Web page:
Reviews for 1997’s “13 featuring Lester Butler” — both good and bad — were collected at the time by Jasper Heikens for the Lester Butler Tribute Site. These long-lost reviews provide a snapshot of a moment in time when Butler was still breaking ground, “the Jon Spencer Blues Explosion meets Little Walter.”
If anyone has more info on these reviews, please let us know. They are presented here are they were on the original Lester Butler Tribute Site.
Run to the record store and pick up this album! Thirteen offers up the best modern blues around! Led by ex-Red Devils frontman, Lester Butler, Thirteen serves up some mean and gritty blues with style. You just can’t help movin’ to the tunes. Lester Butler’s harmonica playing is absolutely remarkable and his nasally vocals mesh perfectly with the bold sound of the band. In terms of the modern electric blues (not including the living legends like R.L. Burnside, Junior Kimbrough, Buddy Guy, Bo Diddley, B.B. King, etc.), there is no one better out there right now.
Lester and the boys unleash 13 (how appropriate) rockin’ blues originals and covers. All are worthy of praise. However, there are a handful that deserve a little extra attention. Thirteen’s renditions of Big Joe Williams’ “Baby Please Don’t Go”, Elmore James’ “So Mean to Me”, and Willie Dixon’s “Close to You” do the originators proud. However, their blistering cover (complete with bottle-smashing) of Howlin’ Wolf’s “Smokestack Lightning” is simply unreal. Also, originals penned by Butler like “So Low Down,” “Black Hearted Woman” and “Pray for Me” prove that these guys can play the dirty blues with the best of them. Thirteen’s blues sounds like it comes straight from a smoke filled room with the stench of whiskey permeating throughout. Music such as this should not be ignored. You really can’t go wrong with Thirteen!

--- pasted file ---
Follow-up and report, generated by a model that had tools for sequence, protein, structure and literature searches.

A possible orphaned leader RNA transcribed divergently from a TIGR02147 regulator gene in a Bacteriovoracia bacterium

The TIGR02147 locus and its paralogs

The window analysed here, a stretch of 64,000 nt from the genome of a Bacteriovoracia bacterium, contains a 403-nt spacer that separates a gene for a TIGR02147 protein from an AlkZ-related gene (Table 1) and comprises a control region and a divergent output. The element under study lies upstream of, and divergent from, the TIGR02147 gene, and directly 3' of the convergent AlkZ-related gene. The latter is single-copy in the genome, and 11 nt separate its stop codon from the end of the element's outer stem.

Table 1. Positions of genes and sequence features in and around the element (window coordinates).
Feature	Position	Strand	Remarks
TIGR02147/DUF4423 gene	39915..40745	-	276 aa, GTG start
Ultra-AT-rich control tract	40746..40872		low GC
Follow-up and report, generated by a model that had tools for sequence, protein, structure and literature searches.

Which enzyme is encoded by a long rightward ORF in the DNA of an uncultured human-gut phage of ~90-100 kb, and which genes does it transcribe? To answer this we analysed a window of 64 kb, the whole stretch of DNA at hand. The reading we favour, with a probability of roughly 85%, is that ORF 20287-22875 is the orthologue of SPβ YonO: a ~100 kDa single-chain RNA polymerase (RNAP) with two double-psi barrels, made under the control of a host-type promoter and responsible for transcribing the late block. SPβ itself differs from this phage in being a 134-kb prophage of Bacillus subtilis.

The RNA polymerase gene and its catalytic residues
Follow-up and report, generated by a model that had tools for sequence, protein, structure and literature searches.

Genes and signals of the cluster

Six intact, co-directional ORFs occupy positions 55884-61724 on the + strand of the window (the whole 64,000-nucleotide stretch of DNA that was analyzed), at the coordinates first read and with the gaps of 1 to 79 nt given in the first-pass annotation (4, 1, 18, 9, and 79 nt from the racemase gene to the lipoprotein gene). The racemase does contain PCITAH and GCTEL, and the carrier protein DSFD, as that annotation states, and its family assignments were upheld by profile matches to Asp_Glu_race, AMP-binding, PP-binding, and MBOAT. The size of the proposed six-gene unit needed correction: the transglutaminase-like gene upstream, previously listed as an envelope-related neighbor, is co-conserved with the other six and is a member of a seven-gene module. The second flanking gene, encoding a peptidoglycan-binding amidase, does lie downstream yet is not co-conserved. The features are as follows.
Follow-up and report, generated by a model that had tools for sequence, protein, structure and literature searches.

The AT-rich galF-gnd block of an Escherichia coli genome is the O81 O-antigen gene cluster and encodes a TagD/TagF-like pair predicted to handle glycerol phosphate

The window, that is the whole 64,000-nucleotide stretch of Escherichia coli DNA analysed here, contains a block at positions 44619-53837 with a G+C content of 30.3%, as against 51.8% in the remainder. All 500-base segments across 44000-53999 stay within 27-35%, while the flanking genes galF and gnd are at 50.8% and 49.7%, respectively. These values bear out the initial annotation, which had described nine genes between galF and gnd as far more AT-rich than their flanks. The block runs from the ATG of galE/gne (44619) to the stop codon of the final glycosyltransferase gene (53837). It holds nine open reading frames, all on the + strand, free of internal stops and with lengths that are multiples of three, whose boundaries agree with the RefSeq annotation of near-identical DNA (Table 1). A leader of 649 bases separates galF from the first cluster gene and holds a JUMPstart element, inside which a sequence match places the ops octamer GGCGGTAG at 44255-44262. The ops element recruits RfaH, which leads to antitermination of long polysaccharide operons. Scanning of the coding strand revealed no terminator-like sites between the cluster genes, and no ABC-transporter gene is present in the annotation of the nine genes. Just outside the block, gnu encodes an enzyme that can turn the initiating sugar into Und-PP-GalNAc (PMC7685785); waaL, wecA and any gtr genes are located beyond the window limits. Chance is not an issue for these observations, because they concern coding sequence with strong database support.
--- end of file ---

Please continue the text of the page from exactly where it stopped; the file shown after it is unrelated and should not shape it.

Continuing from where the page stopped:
The Blues Bytes
A new name for me, but one that I think we’ll more from in the blues world, is 13 featuring Lester Butler. Their new self-titled album on Hightone is excellent, with a real 1950s Chicago sound to the music. The spirit of Howlin’ Wolf lives on in this contemporary band from Los Angeles. Butler is not a great singer, but his voice carries the right emotional feel. And he’s a better than average harmonica player. Also making a return to the recording business is guitarist Alex Schultz, formerly with Rod Piazza & the Mighty Flyers. 13’s version of “Close To You” has a real low fidelity fuzz, like listening to an old 45; that’s refreshing in these days of crystal clear CD sound. Schultz gets to star on the original “Way Down South.” Mr. Butler also has a real dark side, as heard on the frantic song “I’m Into Homicide”; check out his maniacal laughter which sounds a lot like the best from Screamin’ Jay Hawkins.
— Bill Mitchell
The roots of 13’s “Plague of Madness” date back to a 1957 single from Screamin’ Jay Hawkins, “Frenzy,” a speeding, twanging getaway chase of a song,
NJO Scotts on Sound